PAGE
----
|TAG Recommendations for Hepatitis Vaccine|
Every two years the Technical Advisory Group (TAG) meets to discuss the achievements of the countries in the Region, as well as new challenges for continued protection of their populations. At the end of the meeting the group submit recommendations to address current and future challenges for immunization programs in the Americas. Below you will find the recommendations for hepatitis vaccine:
Tremendous progress has been made in the prevention of hepatitis B related morbidity and mortality globally. The WHO last revised its position with respect to hepatitis B vaccines in 2009. In this document, the use of the birth dose (hepatitis B vaccine within 24 hours of birth) was recommended for all countries. Countries were also encouraged to develop goals for hepatitis B control. Prior to that, the SAGE hepatitis B working group presented information on feasibility for the elimination of hepatitis B virus (HBV) transmission; however, SAGE chose a controlled approach. Despite this global approach, a number of countries have adopted elimination strategies, including Cuba and the United States. Much has been published on the feasibility of this approach. Clear definitions of elimination have not been developed; however, a recent PAHO mission to Cuba showed that this can be best described by data on protected birth cohorts. In Cuba, by 2010, the majority of persons born in the previous 30 years have been protected with high coverage of hepatitis B vaccines. The impact of vaccine delivery is important to document. .
It has been estimated that as many as 400,000 new hepatitis B infections occur annually in the Americas. In highly endemic areas, transmission occurs primarily perinatally or in early childhood. In areas with intermediate endemicity, infection occurs in all age groups. In areas of low hepatitis B seroprevalence, most infections occur in adults, especially among persons belonging to defined risk groups. Since the development of chronic infection is age-dependent, children can account for a high proportion of chronic hepatitis B infections. The risk of chronic infection is highest when infection is acquired early in life. Chronic infection is responsible for most HBV-related morbidity and mortality.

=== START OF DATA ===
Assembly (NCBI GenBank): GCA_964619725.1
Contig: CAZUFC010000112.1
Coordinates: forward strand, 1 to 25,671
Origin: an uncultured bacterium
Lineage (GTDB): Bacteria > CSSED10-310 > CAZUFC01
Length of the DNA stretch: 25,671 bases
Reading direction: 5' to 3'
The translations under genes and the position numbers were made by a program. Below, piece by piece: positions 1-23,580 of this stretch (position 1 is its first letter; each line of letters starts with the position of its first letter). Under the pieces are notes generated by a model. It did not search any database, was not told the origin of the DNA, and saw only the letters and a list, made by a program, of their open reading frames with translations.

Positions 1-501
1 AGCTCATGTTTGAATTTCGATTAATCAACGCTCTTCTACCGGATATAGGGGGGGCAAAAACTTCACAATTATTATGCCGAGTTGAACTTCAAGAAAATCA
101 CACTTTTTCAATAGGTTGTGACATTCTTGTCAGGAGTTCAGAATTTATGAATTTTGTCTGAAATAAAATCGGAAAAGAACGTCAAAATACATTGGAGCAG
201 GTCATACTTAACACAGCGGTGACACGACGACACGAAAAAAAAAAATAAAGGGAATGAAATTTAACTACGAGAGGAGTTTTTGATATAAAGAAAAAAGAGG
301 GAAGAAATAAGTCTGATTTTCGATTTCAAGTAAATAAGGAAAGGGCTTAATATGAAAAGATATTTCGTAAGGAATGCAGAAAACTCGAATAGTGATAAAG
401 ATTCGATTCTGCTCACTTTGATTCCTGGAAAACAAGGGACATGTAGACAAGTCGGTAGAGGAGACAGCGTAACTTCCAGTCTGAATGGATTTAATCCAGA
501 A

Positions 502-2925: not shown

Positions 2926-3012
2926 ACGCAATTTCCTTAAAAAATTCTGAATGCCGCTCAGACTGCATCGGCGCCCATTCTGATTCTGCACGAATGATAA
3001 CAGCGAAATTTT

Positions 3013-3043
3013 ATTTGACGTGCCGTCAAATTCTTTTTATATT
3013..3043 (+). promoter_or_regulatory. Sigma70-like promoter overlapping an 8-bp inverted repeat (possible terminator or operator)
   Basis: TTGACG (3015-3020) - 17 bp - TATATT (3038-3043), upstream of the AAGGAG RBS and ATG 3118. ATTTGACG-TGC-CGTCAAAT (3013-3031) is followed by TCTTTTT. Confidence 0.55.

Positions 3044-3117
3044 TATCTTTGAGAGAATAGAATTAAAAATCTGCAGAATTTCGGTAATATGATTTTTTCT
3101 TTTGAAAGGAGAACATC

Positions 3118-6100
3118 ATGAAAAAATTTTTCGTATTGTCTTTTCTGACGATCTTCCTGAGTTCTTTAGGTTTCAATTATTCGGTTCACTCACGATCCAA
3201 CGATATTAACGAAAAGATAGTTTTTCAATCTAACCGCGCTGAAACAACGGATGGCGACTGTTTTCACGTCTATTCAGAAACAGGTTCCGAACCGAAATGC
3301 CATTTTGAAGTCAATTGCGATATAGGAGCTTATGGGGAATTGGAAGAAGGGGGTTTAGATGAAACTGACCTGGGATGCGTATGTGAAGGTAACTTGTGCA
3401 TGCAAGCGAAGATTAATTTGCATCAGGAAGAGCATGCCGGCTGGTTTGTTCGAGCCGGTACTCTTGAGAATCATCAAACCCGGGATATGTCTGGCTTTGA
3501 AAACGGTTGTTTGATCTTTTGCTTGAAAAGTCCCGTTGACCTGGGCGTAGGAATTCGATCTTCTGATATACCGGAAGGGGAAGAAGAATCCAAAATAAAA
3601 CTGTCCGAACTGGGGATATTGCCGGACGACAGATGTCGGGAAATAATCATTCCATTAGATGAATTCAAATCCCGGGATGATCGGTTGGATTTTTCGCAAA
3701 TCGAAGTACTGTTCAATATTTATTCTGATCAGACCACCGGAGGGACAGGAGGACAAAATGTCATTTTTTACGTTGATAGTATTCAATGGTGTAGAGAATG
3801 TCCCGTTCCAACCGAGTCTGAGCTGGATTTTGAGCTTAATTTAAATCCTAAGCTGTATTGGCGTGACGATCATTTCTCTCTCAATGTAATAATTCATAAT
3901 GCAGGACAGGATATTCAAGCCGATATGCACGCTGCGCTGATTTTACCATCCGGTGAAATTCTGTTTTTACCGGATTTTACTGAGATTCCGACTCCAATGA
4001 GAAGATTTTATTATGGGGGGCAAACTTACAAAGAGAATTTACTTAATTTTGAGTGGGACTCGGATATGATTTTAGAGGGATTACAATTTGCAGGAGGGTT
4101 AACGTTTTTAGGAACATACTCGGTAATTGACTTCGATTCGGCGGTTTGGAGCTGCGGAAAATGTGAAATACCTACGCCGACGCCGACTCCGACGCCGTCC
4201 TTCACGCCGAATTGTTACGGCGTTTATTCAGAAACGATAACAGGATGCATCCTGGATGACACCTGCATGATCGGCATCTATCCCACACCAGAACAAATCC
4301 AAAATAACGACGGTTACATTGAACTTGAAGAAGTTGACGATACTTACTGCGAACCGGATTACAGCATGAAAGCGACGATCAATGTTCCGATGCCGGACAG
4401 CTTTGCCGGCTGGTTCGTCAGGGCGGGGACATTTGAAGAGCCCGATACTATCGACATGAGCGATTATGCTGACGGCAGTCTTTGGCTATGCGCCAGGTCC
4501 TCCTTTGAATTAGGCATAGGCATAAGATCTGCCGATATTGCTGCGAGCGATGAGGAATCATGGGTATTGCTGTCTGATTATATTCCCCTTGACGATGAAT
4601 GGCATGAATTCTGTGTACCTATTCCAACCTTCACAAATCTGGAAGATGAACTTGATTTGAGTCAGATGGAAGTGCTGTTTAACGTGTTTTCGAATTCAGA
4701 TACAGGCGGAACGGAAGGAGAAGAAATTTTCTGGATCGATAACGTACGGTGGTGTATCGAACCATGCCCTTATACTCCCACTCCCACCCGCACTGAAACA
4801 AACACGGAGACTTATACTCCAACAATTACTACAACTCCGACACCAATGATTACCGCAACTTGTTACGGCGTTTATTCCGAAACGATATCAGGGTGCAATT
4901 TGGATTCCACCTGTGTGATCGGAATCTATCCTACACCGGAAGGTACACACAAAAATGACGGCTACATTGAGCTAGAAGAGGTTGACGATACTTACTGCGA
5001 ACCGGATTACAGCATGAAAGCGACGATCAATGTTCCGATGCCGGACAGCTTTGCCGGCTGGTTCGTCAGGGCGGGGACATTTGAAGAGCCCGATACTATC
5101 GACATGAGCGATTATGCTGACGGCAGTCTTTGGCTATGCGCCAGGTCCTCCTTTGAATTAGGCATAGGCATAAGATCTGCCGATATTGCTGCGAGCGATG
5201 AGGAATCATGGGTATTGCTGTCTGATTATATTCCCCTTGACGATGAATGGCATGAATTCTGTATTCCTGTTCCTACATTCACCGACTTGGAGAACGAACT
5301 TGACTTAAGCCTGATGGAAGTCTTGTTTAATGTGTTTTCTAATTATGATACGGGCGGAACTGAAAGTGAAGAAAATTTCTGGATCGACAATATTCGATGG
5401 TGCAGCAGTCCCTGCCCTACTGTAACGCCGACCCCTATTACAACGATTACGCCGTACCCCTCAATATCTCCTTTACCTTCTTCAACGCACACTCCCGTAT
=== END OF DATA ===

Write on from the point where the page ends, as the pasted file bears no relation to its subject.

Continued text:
It has been estimated that between 140,000 to 400,000 new cases of acute hepatitis B occur annually in the Americas. Two thirds of them are believed to occur in South America, primarily in areas within the Amazon Basin.
The recommendations made at the Ninth TAG meeting are reaffirmed. Hepatitis B vaccination programs should be initiated and continued in areas of high prevalence and among groups at high risk, with wider use depending on the epidemiological situation and the availability of resources.
During 1990-1991, ongoing hepatitis B vaccination programs have been continued and amplified in Colombia, Brazil and Venezuela. In addition, vaccination programs have been initiated in several high hepatitis B virus endemic areas in Peru, and prenatal screening of pregnant women with vaccination of children born to hepatitis B virus carrier Mathers has been started in Cuba and Honduras. The needs to increase the availability of hepatitis serologic testing and improbé hepatitis surveillance in order to distinguish various types of acute hepatitis and determine causes of chronic liver disease, were reviewed.
The cost of hepatitis B vaccine remains very high compared to the costs of other vaccines. Considering the known magnitude of hepatitis B problem, its use cannot presently be recommended except in selected areas of the few countries which now experience high endemicity. In such areas, efforts should be made to integrate hepatitis B vaccine into the EPI program. In other areas, vaccination of Elath care workers should be encouraged. To assist in better definition of problem areas, epidemiological, including serological surveys are warranted. Meanwhile, all possible efforts should be made through UNICEF and other procurement agencies to obtain vaccine at a substantially lower cost. The extent of recommended future use will be inversely related to vaccine cost.